Snapchat Study Shows Advertisers How Much Potential the App Still Has for the Upcoming Holidays

Some Gen Zers are skeptical, however

More than 90% of Snapchat users have their location turned on. Snapchat
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Santa’s making a list and checking it twice, and brands, retailers and social media platforms don’t want you to forget it.

It’s why more social platforms, like Facebook and Snapchat, are getting marketers ready for the holidays in July, versus waiting until closer to the winter months. Snapchat’s newest report, which is part of a larger group of studies around foot traffic, takes a look at what stores Snapchatters were visiting during Black Friday and the holiday season, what they were eating while doing their shopping and just how much more a user is likely to buy than a nonuser.

“It’s no surprise that 90 percent of Snapchatters around the world have location turned on,” said Amy Moussavi, global consumer insights lead at Snapchat.

Snapchat users keeping their location on means the company is able to come up with findings like knowing they are 15 times more likely to visit Victoria’s Secret on Black Friday, 13 times more likely to shop at Target and five times more likely to go to Macy’s, compared with a non-holiday. The report uses anonymized and aggregated data from Snapchat users have their location turned on to use features like Snap Map or geofilters.

When it comes to last-minute shopping, Snapchat users are 15 times more likely to go to MAC Cosmetics and six times more likely to go to Staples (which Snapchat attributes to people possibly shipping out gifts or printing cards).

The whole point of pulling out details like these of course is to show brands, retailers and marketers the power of using Snapchat for advertising, such as radius targeting, which only serves ads in a geofenced area.

“Really, a goal of this is to be able to partner with brands and help them understand how they can take these insights and make actionable decisions on the platform,” Moussavi said.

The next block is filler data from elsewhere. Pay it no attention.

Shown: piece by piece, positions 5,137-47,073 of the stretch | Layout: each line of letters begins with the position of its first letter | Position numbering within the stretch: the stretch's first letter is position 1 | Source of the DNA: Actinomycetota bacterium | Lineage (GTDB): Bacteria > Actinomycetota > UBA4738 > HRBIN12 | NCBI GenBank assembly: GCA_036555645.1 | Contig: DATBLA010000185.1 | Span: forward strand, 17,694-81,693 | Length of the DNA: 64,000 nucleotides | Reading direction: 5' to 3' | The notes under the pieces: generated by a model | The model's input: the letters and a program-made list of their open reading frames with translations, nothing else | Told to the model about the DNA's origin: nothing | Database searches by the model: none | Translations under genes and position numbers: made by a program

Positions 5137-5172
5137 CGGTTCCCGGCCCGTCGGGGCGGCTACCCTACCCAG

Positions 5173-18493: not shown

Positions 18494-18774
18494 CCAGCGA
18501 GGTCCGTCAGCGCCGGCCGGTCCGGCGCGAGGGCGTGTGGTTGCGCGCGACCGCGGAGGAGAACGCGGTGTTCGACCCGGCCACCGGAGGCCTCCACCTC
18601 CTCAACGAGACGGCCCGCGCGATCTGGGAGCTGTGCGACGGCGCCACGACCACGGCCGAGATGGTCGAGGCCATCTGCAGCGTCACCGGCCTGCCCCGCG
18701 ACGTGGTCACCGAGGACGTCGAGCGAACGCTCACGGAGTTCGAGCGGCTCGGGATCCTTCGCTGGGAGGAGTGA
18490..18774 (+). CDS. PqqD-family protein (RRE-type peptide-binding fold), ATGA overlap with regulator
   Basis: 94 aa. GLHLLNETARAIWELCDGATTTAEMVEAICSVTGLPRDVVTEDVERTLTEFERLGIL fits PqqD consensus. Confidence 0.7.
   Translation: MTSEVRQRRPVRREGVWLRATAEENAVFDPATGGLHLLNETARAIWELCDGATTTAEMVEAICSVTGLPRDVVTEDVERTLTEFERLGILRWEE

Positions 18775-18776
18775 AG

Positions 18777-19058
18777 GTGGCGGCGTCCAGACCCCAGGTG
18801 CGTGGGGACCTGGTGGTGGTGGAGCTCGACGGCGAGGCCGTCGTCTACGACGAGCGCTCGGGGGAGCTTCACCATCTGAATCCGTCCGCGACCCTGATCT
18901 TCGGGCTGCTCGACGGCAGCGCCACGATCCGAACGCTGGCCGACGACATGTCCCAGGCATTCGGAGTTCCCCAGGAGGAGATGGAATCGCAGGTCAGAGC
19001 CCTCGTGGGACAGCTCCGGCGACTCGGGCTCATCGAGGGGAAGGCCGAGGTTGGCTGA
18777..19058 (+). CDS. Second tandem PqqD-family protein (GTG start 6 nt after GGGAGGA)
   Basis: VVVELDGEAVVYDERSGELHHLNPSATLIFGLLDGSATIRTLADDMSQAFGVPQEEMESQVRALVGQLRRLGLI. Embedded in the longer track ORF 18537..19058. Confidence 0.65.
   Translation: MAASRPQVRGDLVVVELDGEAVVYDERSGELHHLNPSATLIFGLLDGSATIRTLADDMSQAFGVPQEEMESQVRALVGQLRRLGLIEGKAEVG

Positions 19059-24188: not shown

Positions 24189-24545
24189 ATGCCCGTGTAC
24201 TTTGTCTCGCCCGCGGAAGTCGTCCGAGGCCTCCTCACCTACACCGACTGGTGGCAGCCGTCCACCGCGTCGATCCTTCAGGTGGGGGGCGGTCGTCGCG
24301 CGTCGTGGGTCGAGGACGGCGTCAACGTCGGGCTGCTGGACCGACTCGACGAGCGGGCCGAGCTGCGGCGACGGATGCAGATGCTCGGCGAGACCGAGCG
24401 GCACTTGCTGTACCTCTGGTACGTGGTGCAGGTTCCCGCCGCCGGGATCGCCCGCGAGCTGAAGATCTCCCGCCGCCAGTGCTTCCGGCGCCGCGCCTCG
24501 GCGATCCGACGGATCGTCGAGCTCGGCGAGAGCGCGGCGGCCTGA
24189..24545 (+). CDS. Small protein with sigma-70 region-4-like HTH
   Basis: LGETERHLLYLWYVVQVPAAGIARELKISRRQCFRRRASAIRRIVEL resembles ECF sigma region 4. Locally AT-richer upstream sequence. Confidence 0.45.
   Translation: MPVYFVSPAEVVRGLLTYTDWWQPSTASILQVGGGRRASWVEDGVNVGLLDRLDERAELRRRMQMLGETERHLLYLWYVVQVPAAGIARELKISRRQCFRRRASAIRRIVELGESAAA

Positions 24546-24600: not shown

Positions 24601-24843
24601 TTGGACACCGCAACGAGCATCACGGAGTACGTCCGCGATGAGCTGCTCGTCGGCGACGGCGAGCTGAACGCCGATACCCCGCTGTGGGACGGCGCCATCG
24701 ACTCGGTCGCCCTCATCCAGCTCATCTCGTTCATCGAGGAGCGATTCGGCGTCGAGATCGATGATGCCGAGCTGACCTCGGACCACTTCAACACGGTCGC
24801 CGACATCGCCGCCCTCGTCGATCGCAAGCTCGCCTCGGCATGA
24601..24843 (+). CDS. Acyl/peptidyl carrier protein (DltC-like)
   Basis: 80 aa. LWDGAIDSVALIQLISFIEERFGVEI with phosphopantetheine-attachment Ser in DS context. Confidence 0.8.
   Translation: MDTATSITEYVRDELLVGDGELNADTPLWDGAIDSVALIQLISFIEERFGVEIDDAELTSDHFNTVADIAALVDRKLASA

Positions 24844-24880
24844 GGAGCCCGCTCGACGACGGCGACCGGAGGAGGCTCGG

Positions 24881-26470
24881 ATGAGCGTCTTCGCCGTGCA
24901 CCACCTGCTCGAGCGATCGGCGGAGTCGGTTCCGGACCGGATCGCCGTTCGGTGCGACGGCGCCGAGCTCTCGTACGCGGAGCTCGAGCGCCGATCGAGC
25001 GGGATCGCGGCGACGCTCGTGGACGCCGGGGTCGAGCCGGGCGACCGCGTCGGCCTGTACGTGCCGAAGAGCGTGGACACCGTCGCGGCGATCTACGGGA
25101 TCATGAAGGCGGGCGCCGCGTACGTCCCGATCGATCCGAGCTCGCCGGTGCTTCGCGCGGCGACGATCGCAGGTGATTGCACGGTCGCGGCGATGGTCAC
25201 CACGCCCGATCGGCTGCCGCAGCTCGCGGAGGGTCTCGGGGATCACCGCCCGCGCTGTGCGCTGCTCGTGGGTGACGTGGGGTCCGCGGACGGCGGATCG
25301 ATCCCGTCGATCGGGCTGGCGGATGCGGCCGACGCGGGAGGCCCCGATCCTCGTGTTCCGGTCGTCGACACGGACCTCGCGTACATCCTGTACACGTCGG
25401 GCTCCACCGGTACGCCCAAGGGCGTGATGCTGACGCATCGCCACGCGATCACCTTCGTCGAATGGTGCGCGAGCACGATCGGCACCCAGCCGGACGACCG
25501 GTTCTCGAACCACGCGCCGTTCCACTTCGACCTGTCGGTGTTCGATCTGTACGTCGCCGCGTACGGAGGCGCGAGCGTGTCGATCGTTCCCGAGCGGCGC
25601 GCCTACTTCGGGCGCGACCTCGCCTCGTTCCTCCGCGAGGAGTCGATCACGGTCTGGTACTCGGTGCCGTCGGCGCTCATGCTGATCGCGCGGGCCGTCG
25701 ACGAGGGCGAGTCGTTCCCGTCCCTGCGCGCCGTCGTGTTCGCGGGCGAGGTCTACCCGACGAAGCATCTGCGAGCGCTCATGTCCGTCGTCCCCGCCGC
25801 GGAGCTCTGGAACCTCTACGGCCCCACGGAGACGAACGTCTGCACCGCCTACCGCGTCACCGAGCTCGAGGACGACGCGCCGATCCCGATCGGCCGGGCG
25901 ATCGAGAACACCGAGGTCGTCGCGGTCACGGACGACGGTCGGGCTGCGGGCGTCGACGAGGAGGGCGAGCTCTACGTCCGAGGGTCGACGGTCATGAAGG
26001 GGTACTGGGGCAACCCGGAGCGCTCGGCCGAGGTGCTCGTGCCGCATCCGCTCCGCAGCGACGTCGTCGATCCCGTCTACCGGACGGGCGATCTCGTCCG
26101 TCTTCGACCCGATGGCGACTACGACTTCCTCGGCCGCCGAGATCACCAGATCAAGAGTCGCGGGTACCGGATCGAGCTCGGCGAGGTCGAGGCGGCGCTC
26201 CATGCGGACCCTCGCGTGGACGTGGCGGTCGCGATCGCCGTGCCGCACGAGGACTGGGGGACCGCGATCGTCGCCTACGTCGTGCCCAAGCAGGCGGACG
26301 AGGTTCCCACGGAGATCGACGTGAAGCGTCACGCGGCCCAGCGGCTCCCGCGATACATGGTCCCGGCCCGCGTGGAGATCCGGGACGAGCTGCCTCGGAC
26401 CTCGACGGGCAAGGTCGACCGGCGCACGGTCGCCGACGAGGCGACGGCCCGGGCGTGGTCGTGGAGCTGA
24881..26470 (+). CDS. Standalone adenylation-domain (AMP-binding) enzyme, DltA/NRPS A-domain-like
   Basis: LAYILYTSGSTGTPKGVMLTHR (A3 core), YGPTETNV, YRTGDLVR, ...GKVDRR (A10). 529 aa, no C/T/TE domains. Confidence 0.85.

According to the report, Snapchat users also bought 20 percent more gifts than regular consumers who aren’t on Snapchat, and these users “made 850 million shopping trips on Black Friday weekend.” A key insight for retailers: Snapchat users under 21 like to go to apparel stores, and those older than that prefer big-box stores.

Snapchat doesn’t leave out other brands from the study; it also zones in on food and entertainment. During holiday shopping, Snapchat users are likely to eat at stores like Starbucks, Dunkin’ Donuts and Subway. They also like to skip out on holiday shopping, with 3.8 million users going to the movies on Black Friday than 2.6 million the week before and 3.3. million going over Christmas weekend versus the 2.8 million who went the week before.

While all this data is handy for advertisers and marketers, Snapchat wants them to know just how much location data they have on its users—and how valuable it can be for them.

“These footprints [reports] just highlight our commitment to location,” Moussavi said. “What we’re doing here is showcasing how we can leverage that rich location insight about consumer behavior. This week is the first time we’re sharing that publicly, and we’re really excited to do that in a way that respects our users privacy and allows brands to learn a bit more about the snapchat audience but also about consumers in general.”

However, brands and retailers are also setting their sights on other platforms like Facebook and Instagram, a move that some Gen Zers think is a smart play.

“Snapchat isn’t the platform where I would go to spend that [advertising] money,” said Connor Blakley, 17-year-old founder of YouthLogic. “If I’m a brand in 2018, I’m not on Snapchat.”

Blakley added that two years ago, Snapchat was the “hottest thing on earth,” but now, Instagram is where everyone is, thanks to the increase in views people get on their Instagram Stories.

However, Jesse Kay, the 17-year-old host of the 20 under 20s podcast and a brand consultant and strategist, does suggest brands get on Snapchat because people are still using it. He recommends branded geotags, geotargeting ads and Instagram ads.

“I’d focus more on that direct person-to-person transaction to lock into these demographics rather than swipe through ads,” Kay said.

And while some brands might discount the amount of spending power Gen Z, Kay and Blakley disagree, as did Snapchat in their own Gen Z May 2018 report that stated they have $44 million in buying power.

“If people our age didn’t have money, then people like Logan Paul couldn’t make thousands of dollars a year,” Kay said. “Clearly, people our age have spending power.”

Blakley also argues that this spending power extends not just to purchases for themselves, but items for the household that their parents buy like laundry detergent and cereal.

“Gen Z’s access to their parents credit cards is [similar to the access] to their phone,” Blakely said.


@itstheannmarie annmarie.alcantara@adweek.com Ann-Marie Alcántara is a tech reporter for Adweek, focusing on direct-to-consumer brands and ecommerce.